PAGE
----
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ZEBRA. BOTSWANA. MOREMI GAME RESERVE. 2011. AFRICAN WILDLIFE.

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posted by alias Isaac Wells on Sunday 26th of August 2012 12:55:37 AM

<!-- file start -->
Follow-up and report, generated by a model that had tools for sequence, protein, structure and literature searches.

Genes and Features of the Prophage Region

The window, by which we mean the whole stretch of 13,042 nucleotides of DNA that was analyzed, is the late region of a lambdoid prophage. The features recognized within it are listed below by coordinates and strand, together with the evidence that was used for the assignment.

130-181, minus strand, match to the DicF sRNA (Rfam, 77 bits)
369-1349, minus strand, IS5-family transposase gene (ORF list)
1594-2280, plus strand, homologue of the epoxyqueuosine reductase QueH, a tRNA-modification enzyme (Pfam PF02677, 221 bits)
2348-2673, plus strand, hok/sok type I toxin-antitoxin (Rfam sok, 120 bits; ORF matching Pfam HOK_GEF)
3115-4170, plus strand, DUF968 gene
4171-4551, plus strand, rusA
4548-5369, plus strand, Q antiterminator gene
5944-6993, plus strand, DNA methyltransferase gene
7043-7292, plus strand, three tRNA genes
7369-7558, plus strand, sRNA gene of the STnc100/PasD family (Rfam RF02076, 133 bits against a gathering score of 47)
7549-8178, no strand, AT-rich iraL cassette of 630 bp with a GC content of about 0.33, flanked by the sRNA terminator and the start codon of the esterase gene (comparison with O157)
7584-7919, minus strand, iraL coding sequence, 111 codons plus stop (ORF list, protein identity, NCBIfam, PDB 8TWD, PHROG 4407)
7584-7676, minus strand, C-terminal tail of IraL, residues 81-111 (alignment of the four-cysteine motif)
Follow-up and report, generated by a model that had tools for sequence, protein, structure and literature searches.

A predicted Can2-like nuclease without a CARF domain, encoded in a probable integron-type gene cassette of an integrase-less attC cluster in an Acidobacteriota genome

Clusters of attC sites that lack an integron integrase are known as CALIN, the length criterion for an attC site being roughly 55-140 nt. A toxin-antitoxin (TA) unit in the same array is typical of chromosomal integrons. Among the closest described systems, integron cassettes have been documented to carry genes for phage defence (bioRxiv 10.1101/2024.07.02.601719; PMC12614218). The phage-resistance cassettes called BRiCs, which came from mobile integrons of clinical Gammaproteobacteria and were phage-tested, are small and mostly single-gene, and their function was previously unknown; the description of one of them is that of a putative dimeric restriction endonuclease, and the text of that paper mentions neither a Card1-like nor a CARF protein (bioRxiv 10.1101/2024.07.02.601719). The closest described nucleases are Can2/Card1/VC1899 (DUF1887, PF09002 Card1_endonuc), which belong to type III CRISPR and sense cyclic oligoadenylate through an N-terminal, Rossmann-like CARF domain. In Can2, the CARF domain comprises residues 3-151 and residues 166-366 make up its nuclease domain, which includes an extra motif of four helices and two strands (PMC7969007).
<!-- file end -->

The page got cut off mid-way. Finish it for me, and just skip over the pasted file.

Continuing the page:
Zebras (/ˈzɛbrə/ zeb-rə or /ˈziːbrə/ zee-brə)[1] are several species of African equids (horse family) united by their distinctive black and white stripes. Their stripes come in different patterns, unique to each individual. They are generally social animals that live in small harems to large herds. Unlike their closest relatives, horses and asses, zebras have never been truly domesticated. There are three species of zebras: the plains zebra, the Grévy's zebra and the mountain zebra. The plains zebra and the mountain zebra belong to the subgenus Hippotigris, but Grevy's zebra is the sole species of subgenus Dolichohippus. The latter resembles an ass, to which it is closely related, while the former two are more horse-like. All three belong to the genus Equus, along with other living equids. The unique stripes of zebras make them one of the animals most familiar to people. They occur in a variety of habitats, such as grasslands, savannas, woodlands, thorny scrublands, mountains, and coastal hills. However, various anthropogenic factors have had a severe impact on zebra populations, in particular hunting for skins and habitat destruction. Grevy's zebra and the mountain zebra are endangered. While plains zebras are much more plentiful, one subspecies, the quagga, became extinct in the late 19th century - though there is currently a plan, called the Quagga Project, that aims to breed zebras that are phenotypically similar to the quagga in a process called breeding back. Zebra in English dates back to c.1600, from Italian Zebra, perhaps from Portuguese, which in turn is said to be Congolese (as stated in the Oxford English Dictionary). The Encarta Dictionary says its ultimate origin is uncertain, but perhaps it may come from Latin Equiferus meaning "Wild horse," from equus "horse" and ferus "wild, untamed". Zebras evolved among the Old World horses within the last 4 million years. Grevy's zebras (and perhaps also Mountain Zebras) are, together with asses and donkeys, in a separate lineage from other zebra lineages.[2] This means either that striped equids evolved more than once, or that common ancestors of zebras and asses were striped and only zebras retained the stripes. Extensive stripes are posited to have been of little use to equids that live in low densities in deserts (like asses and some horses) or ones that live in colder climates with shaggy coats and annual shading (like some horses).[3] Fossils of an ancient equid were discovered in the Hagerman Fossil Beds National Monument in Hagerman, Idaho. It was named the Hagerman horse with a scientific name of Equus simplicidens. It is believed to have been similar to the Grevy's zebra.[4] The animals had stocky zebra-like bodies and short, narrow, donkey-like skulls.[5] Grevy's zebra also has a donkey-like skull. The Hagerman horse is also called the American zebra or Hagerman zebra. There are three extant species. Collectively, two of the species have eight subspecies (seven extant). Zebra populations are diverse, and the relationships between, and the taxonomic status of, several of the subspecies are not well known. Genus: Equus Subgenus: Hippotigris Plains Zebra, Equus quagga Quagga, Equus quagga quagga (extinct) Burchell's zebra, Equus quagga burchellii (includes Damara Zebra) Grant's zebra, Equus quagga boehmi Selous' zebra, Equus quagga borensis Chapman's zebra, Equus quagga chapmani Crawshay's zebra, Equus quagga crawshayi Mountain zebra, Equus zebra Cape mountain zebra, Equus zebra zebra Hartmann's mountain zebra, Equus zebra hartmannae Subgenus: Dolichohippus Grévy's zebra, Equus grevyi Zebras in Botswana The plains zebra (Equus quagga, formerly Equus burchelli) is the most common, and has or had about twelve subspecies distributed across much of southern and eastern Africa. It, or particular subspecies of it, have also been known as the common zebra, the dauw, Burchell's zebra (actually the subspecies Equus quagga burchellii), Chapman's zebra, Wahlberg's zebra, Selous' zebra, Grant's zebra, Boehm's zebra and the quagga (another extinct subspecies, Equus quagga quagga). The mountain zebra (Equus zebra) of southwest Africa tends to have a sleek coat with a white belly and narrower stripes than the plains Zebra. It has two subspecies and is classified as vulnerable. Grévy's zebra (Equus grevyi) is the largest type, with a long, narrow head, making it appear rather mule-like. It is an inhabitant of the semi-arid grasslands of Ethiopia and northern Kenya. Grévy's zebra is the rarest species, and is classified as endangered. Although zebra species may have overlapping ranges, they do not interbreed. This held true even when the quagga and Burchell's race of plains zebra shared the same area. In captivity, plains zebras have been crossed with mountain zebras. The hybrid foals lacked a dewlap and resembled the plains zebra apart from their larger ears and their hindquarters pattern. Attempts to breed a Grévy's zebra stallion to mountain zebra mares resulted in a high rate of miscarriage. In captivity, crosses between zebras and other (non-zebra) equines have produced several distinct hybrids, including the zebroid, zeedonk, zony, and zorse. In certain regions of Kenya, plains zebras and Grévy's Zebra coexist, and fertile hybrids occur.[6] Size and weight The common plains zebra is about 50–52 inches (12.2-13 hands, 1.3 m) at the shoulder with a body ranging from 6–8.5 feet (2–2.6 m) long with an 18-inch (0.5 m) tail. It can weigh up to 770 pounds (350 kg), males being slightly bigger than females. Grévy's Zebra is considerably larger, while the mountain zebra is somewhat smaller.[7] Stripes It was previously believed that zebras were white animals with black stripes, since some zebras have white underbellies. Embryological evidence, however, shows that the animal's background color is black and the white stripes and bellies are additions.[3] It is likely that the stripes are caused by a combination of factors.[8] The stripes are typically vertical on the head, neck, forequarters, and main body, with horizontal stripes at the rear and on the legs of the animal. The "zebra crossing" is named after the zebra's black and white stripes. A wide variety of hypotheses have been proposed to account for the evolution of the striking stripes of zebras. The more traditional of these (1 & 2, below) relate to camouflage. 1. The vertical striping may help the zebra hide in grass. While seeming absurd at first glance, considering that grass is neither white nor black, it is supposed to be effective against the zebra's main predator, the lion, which is color blind[dubious – discuss]. In addition, even at moderate distances, the striking striping merges to an apparent grey. 2. Another hypothesis is that since zebras are herd animals, the stripes may help to confuse predators—a number of zebras standing or moving close together may appear as one large animal, making it more difficult for the lion to pick out any single zebra to attack.[9][unreliable source?] 3. It has been suggested that the stripes serve as visual cues and identification.[3] Although the striping pattern is unique to each individual, it is not known whether zebras can recognize one another by their stripes. 4. At least two experiments indicate that the disruptive colouration is an effective means of confusing the visual system of flies, in one case the blood-sucking tsetse fly, in another horseflies (tabanids).[8][10][11] 5. Alternative theories include that the stripes coincide with fat patterning beneath the skin, serving as a thermo-regulatory mechanism for the zebra, or that wounds sustained disrupt the striping pattern to clearly indicate the fitness of the animal to potential mates.[citation needed] Gaits Like horses, zebras walk, trot, canter and gallop. They are generally slower than horses, but their great stamina helps them outpace predators. When chased, a zebra will zig-zag from side to side, making it more difficult for the predator. When cornered, the zebra will rear up and kick or bite its attacker. Senses Zebras have excellent eyesight. It is believed that they can see in color. Like most ungulates, the zebra has its eyes on the sides of its head, giving it a wide field of view. Zebras also have night vision, although not as advanced as that of most of their predators. Zebras have excellent hearing, and tend to have larger, rounder ears than horses. Like horses and other ungulates, zebra can turn their ears in almost any direction. In addition to eyesight and hearing, zebras have an acute sense of smell and taste. Like most members of the horse family, zebras are highly social. Their social structure, however, depends on the species. Mountain zebras and plains zebras live in groups, known as 'harems', consisting of one stallion with up to six mares and their foals. Bachelor males either live alone or with groups of other bachelors until they are old enough to challenge a breeding stallion. When attacked by packs of hyenas or wild dogs a zebra group will huddle together with the foals in the middle while the stallion tries to ward them off. Unlike the other zebra species, Grevy's zebras do not have permanent social bonds. A group of these zebras rarely stays together for more than a few months. The foals stay with their mothers, while adult males live alone. Like the other two zebra species, bachelor male zebras will organize in groups. Like horses, zebras sleep standing up, and only sleep when neighbors are around to warn them of predators. Zebras in Tanzania Communication Zebras communicate with each other with high pitched barks and whinnying. Grevy's zebras make mule-like brays. A zebra's ears signify its mood. When a zebra is in a calm, tense or friendly mood, its ears stand erect. When it is frightened, its ears are pushed forward. When angry, the ears are pulled backward. When surveying an area for predators, zebras will stand in an alert posture; with ears erect, head held high, and staring. When tense they will also snort. When a predator is spotted or sensed, a zebra will bark (or bray) loudly. Food and foraging Zebras feed almost entirely on grasses, but may occasionally eat shrubs, herbs, twigs, leaves and bark. Their digestive systems allow them to subsist on diets of lower nutritional quality than that necessary for other herbivores. A zebra feeding on grass. Reproduction Female zebras mature earlier than the males, and a mare may have her first foal by the age of three. Males are not able to breed until the age of five or six. Mares may give birth to one foal every twelve months. She nurses the foal for up to a year. Like horses, zebras are able to stand, walk and suckle shortly after they are born. A zebra foal is brown and white instead of black and white at birth. Plains and mountain zebra foals are protected by their mothers, as well as the head stallion and the other mares in their group. Grevy's zebra foals have only their mother as a regular protector, since, as noted above, Grevy's zebra groups often disband after a few months. Human interactions. Hartmann's Mountain Zebra with a Barbary sheep behind it, in captivity at Ueno Zoo, in Japan. Domestication Attempts have been made to train zebras for riding, since they have better resistance than horses to African diseases. Most of these attempts failed, though, due to the zebra's more unpredictable nature and tendency to panic under stress. For this reason, zebra-mules or zebroids (crosses between any species of zebra and a horse, pony, donkey or ass) are preferred over purebred zebras. In England, the zoological collector Lord Rothschild frequently used zebras to draw a carriage. In 1907, Rosendo Ribeiro, the first doctor in Nairobi, Kenya, used a riding zebra for house calls. In the mid-19th century, Governor George Grey imported zebras to New Zealand from his previous posting in South Africa, and used them to pull his carriage on his privately owned Kawau Island. Captain Horace Hayes, in "Points of the Horse" (circa 1893), compared the usefulness of different zebra species. In 1891, Hayes broke a mature, intact mountain zebra stallion to ride in two days time, and the animal was quiet enough for his wife to ride and be photographed upon. He found the Burchell's zebra easy to break, and considered it ideal for domestication, as it was immune to the bite of the tsetse fly. He considered the quagga (now extinct) well-suited to domestication due to being easy to train to saddle and harness.[12] Conservation Modern man has had great impact on the zebra population. Zebras were, and still are, hunted for their skins, and for meat. They also compete with livestock for forage,[13] and are sometimes culled. The Cape mountain zebra was hunted to near extinction, with less than 100 individuals by the 1930s. The population has since increased to about 700 due to conservation efforts. Both mountain zebra subspecies are currently protected in national parks, but are still endangered. A tamed zebra being ridden in East Afric The Grevy's zebra is also endangered. Hunting and competition from livestock have greatly decreased their population. Because of the population's small size, environmental hazards, such as drought, are capable of affecting the entire species. Plains zebras are much more numerous and have a healthy population. Nevertheless, they too have been reduced by hunting and loss of habitat to farming. One subspecies, the quagga, is now extinct. Cultural depictions Zebras have been the subject of African folk tales which tell how they got their stripes. According to a Bushmen folk tale of Namibia, the zebra was once all white, but acquired its black stripes after a fight with a baboon over a waterhole. After kicking the baboon so hard, the zebra lost his balance and tripped over a fire, and the fire sticks left scorch marks all over his white coat.[14] In the film Fantasia, two centaurs are depicted being half human and half zebra, instead of the typical half human and half horse.[15] Zebras on the Botswana coat of arms. Zebra are a popular subject in art.[16] The fourth Mughal emperor Jahangir (r.1605-24), commissioned a painting of the zebra, which was completed by Ustad Mansur.[17] Zebra stripes are also a popular style for furniture, carpets and fashion. When depicted in movies and cartoons, zebras are most often miscellaneous characters, but have had some starring roles, notably in Madagascar and Racing Stripes. Zebras also serve as mascots and symbols for products and corporations, notably Zebra Technologies and Fruit Stripe gum. Zebras are featured on the coat of arms of Botswana. Prey for lions and hyenas, zebras are constantly on the lookout for danger. No animal has a more distinctive coat than the zebra. Each animal's stripes are as unique as fingerprints—no two are exactly alike—although each of the three species has its own general pattern. Why do zebras have stripes at all? Scientists aren't sure, but many theories center on their utility as some form of camouflage. The patterns may make it difficult for predators to identify a single animal from a running herd and distort distance at dawn and dusk. Or they may dissuade insects that recognize only large areas of single-colored fur or act as a kind of natural sunscreen. Because of their uniqueness, stripes may also help zebras recognize one another. Zebras are social animals that spend time in herds. They graze together, primarily on grass, and even groom one another. Plains (Burchell's) zebras are the most common species. They live in small family groups consisting of a male (stallion), several females, and their young. These units may combine with others to form awe-inspiring herds thousands of head strong, but family members will remain close within the herd. Zebras must be constantly wary of lions and hyenas. A herd has many eyes alert to danger. If an animal is attacked, its family will come to its defense, circling the wounded zebra and attempting to drive off predators. Herbivore Average life span in the wild: 25 years Size: Height at the shoulder, 3.5 to 5 ft (1.1 to 1.5 m) Weight: 440 to 990 lbs (200 to 450 kg) Group name: Herd Size relative to a 6-ft (2-m) man: Zambia, Zimbabwe, Mozambique, Tansania, Kenya, Uganda, Conventional wisdom says a zebra's black-and-white stripes camouflage the animal in tall grass—the better to evade the colorblind lion. But a new study says the pattern scrambles the vision of a tinier biter: the bloodsucking horsefly. Horseflies, the females of which feed on blood, are attracted to polarized light—light waves that are oriented in a particular direction and that we experience as glare. This glare lures the bugs most likely because it resembles light reflected off water, where they lay their eggs. On horses, black fur reflects polarized light better than brown or white, as evolutionary ecologist Susanne Åkesson and colleagues found in a previous study. The researchers therefore assumed that zebra coats, with their mixtures of light and dark stripes, would be less attractive to flies than those of black horses but more than those of white horses. But after experiments in which they team measured the number of horseflies that became trapped on gluey, striped boards or models of horses, the team found that zebra stripes are the best fly repellent—and the narrower the stripes the better. The results may help explain why zebras' skinniest stripes are on their faces and legs. "That's also the place where you have the thinnest skin," said Åkesson, of Sweden's Lunds University. But why would striped skin be more effective than white, which has the lowest refectivity of polarized light? The black-and-white pattern, Åkesson said, turns out to be "ideal in its function of disrupting this signal of reflected polarized light." Because the coat reflects light in alternately polarized and nonpolarized patterns, the zebra "is more difficult to single out relative to the surroundings." It is, in effect, camouflaged to flies as well as to big cats.Convention IS correct!!!! The zebra is a herding animal .... its primary threat IS the Lion who's colour perception is poor. Place 50 running zebra in a group and you try and pick one out to attack ... given that you have only a split second to make your mind up before the moment of opportunity is gone... Its very difficult... it a fantastic group survival advantage AND IS the reason that Zebra have over millions of years developed the stripes. The Horse fly is very climate dependant... for much of the zebras evolution the fly would NOT have co-existed because of the climate changes! Why Don't Horses Have Zebra Stripes? Åkesson and her colleagues noted that the test was performed in Hungary, not the African savanna, and on models of zebras instead of the real thing—and so the finding may not be the final word on the root of zebra raiment. A real zebra's breath or heat, for example, could serve as a second attractor that would override the zebra's coat defenses, she cautioned. Also see "Hordes of Zebras, Elephants Moved to Restock Kenya Park. at Okaukuejo camp in Etosha National Park, Namibia. It is made up of 54 stitched images taken over a 17-minute time period. Assuming, though, that stripes truly are Kryptonite to horseflies, why don't horses—close evolutionary relatives to zebras—sport the pattern too? Åkesson thinks the answer may be in the fact that there are more horseflies, and more horsefly species, in Africa compared to more temperate regions. Zebras would have been under more pressure to evolve a deterrent. Chobe Game Reserve. Zebras, horses and wild asses are all equids, long-lived animals that move quickly for their large size and have teeth built for grinding and cropping grass. Zebras have horselike bodies, but their manes are made of short, erect hair, their tails are tufted at the tip and their coats are striped. Three species of zebra still occur in Africa, two of which are found in East Africa. The most numerous and widespread species in the east is Burchell's, also known as the common or plains zebra. The other is Grevy's zebra, named for Jules Grevy, a president of France in the 1880s who received one from Abyssinia as a gift, and now found mostly in northern Kenya. (The third species, Equus zebra, is the mountain zebra, found in southern and southwestern Africa.) Physical Characteristics The long-legged Grevy's zebra, the biggest of the wild equids, is taller and heavier than the Burchell's, with a massive head and large ears. Zebras have shiny coats that dissipate over 70 percent of incoming heat, and some scientists believe the stripes help the animals withstand intense solar radiation. The black and white stripes are a form of camouflage called disruptive coloration that breaks up the outline of the body. Although the pattern is visible during daytime, at dawn or in the evening when their predators are most active, zebras look indistinct and may confuse predators by distorting true distance. The stripes on Grevy's zebras are more numerous and narrow than those of the plains zebra and do not extend to the belly. In all zebra species, the stripes on the forequarters form a triangular pattern; Grevy's have a similar pattern on the hindquarters, while others have a slanted or horizontal pattern. Habitat Burchell's zebras inhabit savannas, from treeless grasslands to open woodlands; they sometimes occur in tens of thousands in migratory herds on the Serengeti plains. Grevy's zebras are now mainly restricted to parts of northern Kenya. Although they are adapted to semi-arid conditions and require less water than other zebra species, these zebras compete with domestic livestock for water and have suffered heavy poaching for their meat and skins. Behavior Family groups are stable members maintaining strong bonds over many years. Mutual grooming, where zebras stand together and nibble the hair on each other's neck and back, helps develop and preserve these bonds. Family members look out for one another if one becomes separated from the rest, the others search for it. The group adjusts its traveling pace to accommodate the old and the weak. The females within a family observe a strict hierarchical system. A dominant mare always leads the group, while others follow her in single file, each with their foals directly behind them. The lowest- ranking mare is the last in line. Although the stallion is the dominant member of the family, he operates outside the system and has no special place in the line. Diet Zebras are avid grazers. Both Burchell's and Grevy's zebras are in constant search of green pastures. In the dry season, they can live on coarse, dry grass only if they are within a short distance (usually no farther than 20 miles away) of water holes. Caring for the Young When a foal is born the mother keeps all other zebras (even the members of her family) away from it for 2 or 3 days, until it learns to recognize her by sight, voice and smell. While all foals have a close association with their mothers, the male foals are also close to their fathers. They leave their group on their own accord between the ages of 1 and 4 years to join an all-male bachelor group until they are strong enough to head a family. Predators Zebras are important prey for lions and hyenas, and to a lesser extent for hunting dogs, leopards and cheetahs. When a family group is attacked, the members form a semicircle, face the predator and watch it, ready to bite or strike should the attack continue. If one of the family is injured the rest will often encircle it to protect it from further attack. Did you know? Romans called Grevy's zebras 'hippotigris' and trained them to pull two-wheeled carts for exhibition in circuses. At first glance zebras in a herd might all look alike, but their stripe patterns are as distinctive as fingerprints are in man. Scientists can identify individual zebras by comparing patterns, stripe widths, color and scars. This trip was a real real adventure. In fact the best we had in Africa. We are still busy with the Dutch version of the travelogue and then it has to be translated. So it will take some time. Untill than you can see the route we took. Together with Bush Ways I managed to organize another adventure through Africa. After our first visit in 1996 we will visit Botswana again. We longing to the typical safaris you only can make in Botswana. September and October are the dry months and it can be very hot. This means that the wildlife is nearby the water and that they easy to spot. top Khama Rhino Sanctuary The tour starts in Gabarone. We will travel to Khama Rhino Sanctuary. The Sanctuary lies 25km north of historic Serowe on the Serowe-Orapa road. Serowe, one of the largest traditional villages in Africa. To date, 14 white rhino have been translocated into the Sanctuary. In February 1993, four rhinos were translocated from northern Botswana. The Sanctuary is home to other wildlife which have settled naturally or been translocated in: zebra, blue wildebeest, giraffe, eland, springbok, impala, gemsbok, kudu, steenbok, duiker, red hartebeest, leopard, ostrich, African wild cat, caracal, small spotted genet, black-backed jackal, bat-eared fox, brown hyena. Over 230 bird species have also been identified here including Abdim's stork and bearded woodpecker.(L, D) top Central Kalahari Game Reserve The next few days will be spent in the Central Kalahari Game Reserve, the largest game reserve in Botswana. This pristine sanctuary remains completely undeveloped. Moving from camp to camp, we will explore the northern part of this reserve, searching for fauna and flora specific to this region while taking in the vast open spaces of this unspoilt landscape. This is a hard section of the trail with very limited water. (B, L, D) top Nxai Pan Heading northwards, we will spend the next two nights in Nxai Pan National Park. Via the majestic Baine's Baobabs and numerous water holes we travel to our campsite. During our visit we continue searching for more desert fauna and flora. During the dry season game is dependent on the waterholes. By waiting patiently at a waterhole, one can often witness interaction between predators and their pray. Perhaps the focal point of Nxai Pan is the water hole, situated only two kilometres from the entrace gate, in the midst of a large grassy plain. Within the mopane woodland, lion, giraffe, kudu, impala, ostrich, fascinating birdlife and large number of springbok, together with a good population of jackal, bat-eared fox and numerous smaller creatures, are premanent residents. (B, L, D) top Okavango Delta We will travel in a northwesterly direction to the western side of the Okavango Delta to arrive in a corner of paradise. Camping will be on an island, possibly serenaded by the sound of hippos and bell frogs breaking the night silence. We will transfer our equipment to motorboats and will cruise along the narrow papyrus-lined channels of the Delta searching for exotic bird life of the region and the elusive sitatunga antelope, while absorbing the stunning landscape of this area. Deeper in the Delta we will meet our mekoros (traditional dug-out canoes) and enjoy a tranquil ride, as our trusty polers pole us to an island where we will spend two nights camping wild. Our time will be spent exploring the islands on foot and by mokoro. Feeling relaxed and rejuvenated by the beauty of the Okavango, we will return to our vehicle and retrace our route to Maun. Maybe we have the option of taking a game flight over the Delta to return to Maun, which will create a more complete image of this unique water system. Tonight will be spent at a private camp just outside Maun.(B, L, D) top Moremi The big game aspect of our tour commences today as we enter Moremi, one of the best wilderness areas of Botswana. The park covers swamp areas as well as dry land. The next three nights will be spent in this park searching for the wide variety of animals and birds the reserve offers, while absorbing the sounds and beauty of this region. Game drives as the sun rises, and in the late afternoon as the sun sets, will be the norm. Camping will be in designated areas. (B, L, D) top Savuti Chobe National Park, with its diverse and striking landscapes, is our next destination where our search for wildlife continues. We will traverse the drier region of Savuti where bull elephants dot the plains, and then head northwards to the Chobe River where our game drives will meander along the banks of the river with the call of the African fish eagle following us. Camping will be in designated areas. (B, L, D) top Zambia Livingstone The Lost Horizons Lodge is on a hill a few kilometres from the Zambian Victoria Falls. From here you can see the mighty Zambezi. Lost Horizons is directly at Musi-o-Tunya National Park. That's why elephants other big mammals can be seen besides the road to the Zambezi very often. If Zimbabwe is save at the time we can consider to visit the Victoria Falls at the Zimbabwe side on the day of departure. Specially for those ones that did not see the Falls before. Price will Include: All accommodation (large two man tents with mattresses), All meals that are indicated.( B - breakfast, L - lunch, D - dinner ), Professional Guide, all park entries in Botswana, transport in specialized safari vehicles. Does not include: Restaurant meals (Victoria Falls), visas, tips, curios, optional excursions, alcohol and soft drinks, insurance to cover for cancellation and curtailment, medical, baggage, emergency evacuation. The Okavango Delta is a unique ecosystem of papyrus-lined waterways, knee-deep floodplains, water-lily lagoons, shady forest glades and rich savannah grasslands. All this fecundity lies in the middle of the largest continuous stretch of sand in the world - the Kalahari Desert Basin. Seen from space as an emerald swirl surrounded by a parched landscape, the Okavango Delta is an incredible source of life in a country that is 80% arid. The Okavango region contains the state-run Moremi Game Reserve surrounded by a number of strictly controlled, privately managed wildlife concessions. The game viewing in all of these areas is no less than outstanding and activities can either be undertaken on foot, in a game-viewing vehicle or in a mokoro (dug-out canoe) or motorised boat. Such varied opportunities in a beautiful and diverse range of habitats, makes the Okavango the best all-encompassing safari destination in the world. In the Okavango Delta, you need to choose your camps carefully based on the time of year you are visiting. Xugana Island Lodge, Delta Camp and Banoka Bush Camp are well priced comfortable camps. They are all located in private concessions so ensure a true wilderness safari experience. Jacana Camp, Little Vumbura and Chitabe Camp are more luxurious, and each offers a unique perspective of the Okavango Delta. Duba Plains is one of the most remote camps in Botswana and guests stand a very good chance of witnessing the lion-buffalo interaction that the camp is famous for. For the more discerning guests, look no further than Jao Camp, Vumbura Plains or Little Kwara. Each offers guests a very luxurious Okavango Delta safari. The Okavango Delta Viewing The lure of the Okavango Delta and its extraordinary range of habitats provide the perfect environment for African animals to thrive and people to watch them. Great herd of antelopes, zebra, buffalo and elephants roam the pastures, and lions, leopards, cheetahs and all the other carnivores prosper. As Moremi Game Reserve contains large areas of constant water, game viewing during the dry season is particularly good as animals are drawn to the permanent water sources. There are no fences between Moremi and the private reserves so the entire Okavango merges into a unified animal kingdom of grand proportions. Each area has its own particular habitats, resident herds and familiar predators, and night drives in the private reserves, (also soon to be permitted in Moremi), often reveal secretive animals like porcupine, pangolin, aardwolf and genet. Rainy season: November to March is the hot rainy season and the roads can be quite bad. The advantage of this time of year is that most of the animals give birth, providing a wonderful game watching experience. The landscape is lush and green and there is an abundance of wild flowers. Dry season: April to October is the dry season and the drier it becomes the easier it is to spot animals close to permanent water holes. At this time much of the Okavango dries out, apart from permanent rivers in Moremi Game Reserve and the northern reaches of the Okavango. The heat starts to build in earnest from October onwards. When visiting the Okavango Delta on safari, in order to experience the classic "water & land" wildlife safari, it's important to ensure that you choose your camps carefully. We recommend that you consult with your SunSafaris consultant who has travelled to the area before. The time of year you decide to visit plays a big part in choosing applicable camps. We suggest that you look to spend three nights minimum in the Okavango Delta and preferably two to three nights in two different camps, and then combine that with two to three nights in the Linyanti Savuti area, or the Chobe National Park. The best option is to request our Botswana Safari Basics and Price Guide (see above right) and then we will be happy to advise and suggest itinerary's. Xugana Island Lodge is one of the oldest safari lodges in the Okavango Delta. The decor pays tribute to its heritage. Xugana is a comfortable safari lodge offering only bush walks and the water based game viewing activities. Mapula Lodge is a community based safari lodge located in the far north west of the Okavango Delta. The lodge offers comfortable rustic accommodation, and is well known for fantastic wild dog sightings. Water levels vary at the lodge, depending on the flood levels, and the lodge offers a full range of safari activities including game drives, walks and mokoro rides. Pom Pom Camp is an affordable and comfortable safari camp located in the heart of the Okavango Delta. The camp is perfect for experiencing an overall Delta safari. It offers all of game drives, walks, mokoro and boating.Footsteps Across the Delta is a small camp located close to Shinde Camp. The camp focuses on walking safaris through the Delta, but also offers mokoro rides and game drives. It is a rustic camp suited to guests who prefer a more wilderness experience.Delta Camp is a superb water based camp located just south of Chiefs Island. The camp is rustic and comfortable and game activities offered are bush walks on Chiefs Island and mokoro activities through the Delta's crystal clear waterways.Stanley's Camp offers an all round Delta experience. The camp is located in an area known for its huge herds of buffalo and sleeps just 16 guests. Day and night drives are offered as well as walking safaris.Camp Okavango is a comfortable and affordable Delta camp located in a private concession. The camp focuses on walks on the islands and mokoro and boating activities. No game drives are offered. It is a classic Delta Camp and therefore has superb year round birding opportunities. Shinde is a superb camp located in a private concession north of the Moremi Game Reserve. The camp is a great option for an overall wet and dry Delta safari. Game viewing is very good all year round.Kwetsani Camp is a luxury safari camp located in the Jao Concession of the Okavango Delta. The camp overlooks a beautiful floodplain. Guests are often treated to wonderful game viewing from the comfort of their decks as wildlife roams freely in front of camp. Kanana Camp is a luxury safari camp located in the southern part of the Okavango Delta. It is the perfect camp to visit to experience an all round Delta safari. The camps offers game drives, bush walks, mokoro rides and boating activities. Oddballs' is situted on the edge of Chief's Island, deep in the heart of the Okavango Delta, and is the Okavango Delta's most affordable camp. All activities are led by men from the local communities.Little Kwara Camp is a small luxurious safari camp located north of the Moremi Game Reserve. The camp offers an excellent all round Okavango Delta safari experience and game viewing at the camps is excellent year round.Seba Camp is a family friendly safari camp in the Okavango Delta. It has dedicated family chalets ideal for families travelling with children. The camp is located in the western part of the Delta and offers the full spectrum of game viewing activities.Kwara Camp is a superb camp located in the heart of the Okavango Delta. The camp offers excellent year round game viewing. Guiding is of a very high standard and encounters with the Big Five pursued. The camps offers all the safari activities associated with an Okavango Delta safari.Nxabega Camp is a superb camp located south of the Moremi Game Reserve in the Okavango Delta. The camp offers luxurious accommodation and superb game viewing experience. The camp offers an array of game viewing activities.Tubu Tree Camp is located in the western part of the Delta in the excellent Jao Concession. The camp is a small intimate option, and has the best bar in all of the Delta! The camp overlooks a floodplain and is renowned for excellent year round game viewing.Chitabe Camp is an excellent luxury camp located in the southern part of the Okavango Delta. The camp is in area renowned for some of the best wild dog sightings in Africa. This camp should definately be considered on any itinerary to Botswana.Little Vumbura is one of the Delta's best safari camps. Located in the northern part of the Okavango Delta the camps offers an excellent year round safari experience. Sleeping only 12 guests in six suites, the camp is perfect for guests seeking a small and intimate camp.Duba Plains is a remote camp in a pristine area of the Okavango Delta. This camp is well known for its lion-buffalo interaction and guests visit primarily for this reason. The camp is community owned.Sandibe is situated close to the Moremi in a game rich area. Sandibe’s prime location between permanent water and the open plains offers guests a wide range of wildlife-related activities and water-based adventures.Chitabe Lediba is a small, intimate camp situated on the same beautiful island as Chitabe main Camp alongside the Moremi Game Reserve. The camp offers breathtaking views and is ideal for families or small groups of friends and offers guests a personalised safari experience in an area promising incredible wildlife viewing.Baines's Camp is a luxury safari lodge located under shady trees. The camp is small and intimate featuring just five suites. Baines Camp is situated on a private concession neighbouring the Moremi, it is superb for viewing all animal and bird species. Vumbura Plains is a premier camp located in the north of the Okavango Delta. The camp is suited to guests seeking a truly luxurious safari with the camp offering private plunge pools in all suites. Game viewing is excellent year round. Eagle Island Camp is a premier camp in the Okavango. The camp sleeps 24 guests in luxurious suites each with their own private viewing deck. Eagle Island offers excellent birding as well as sundowner cruises in their boat. Xaranna Tented Camp is a premier safari option in the Okavango Delta. All the suites have private plunge pools and the camp is suitable for guests with a taste for the finer things in life. The camp offers all the traditional game viewing activities. Jao Camp is a luxurious camp located in the Jao Concession. The camps offers a superb combination of premier accommodation and excellent year round safari experience. Jao provides guests with the opportunity of going on day and night drives, mokoro and boating activities as well as bush walks on the islands.Xudum Delta Lodge is a truly luxurious safari lodge located in the southern part of the Okavango Delta. Guests seeking superior service and cuisine should consider Xudum as their safari lodge in Botswana.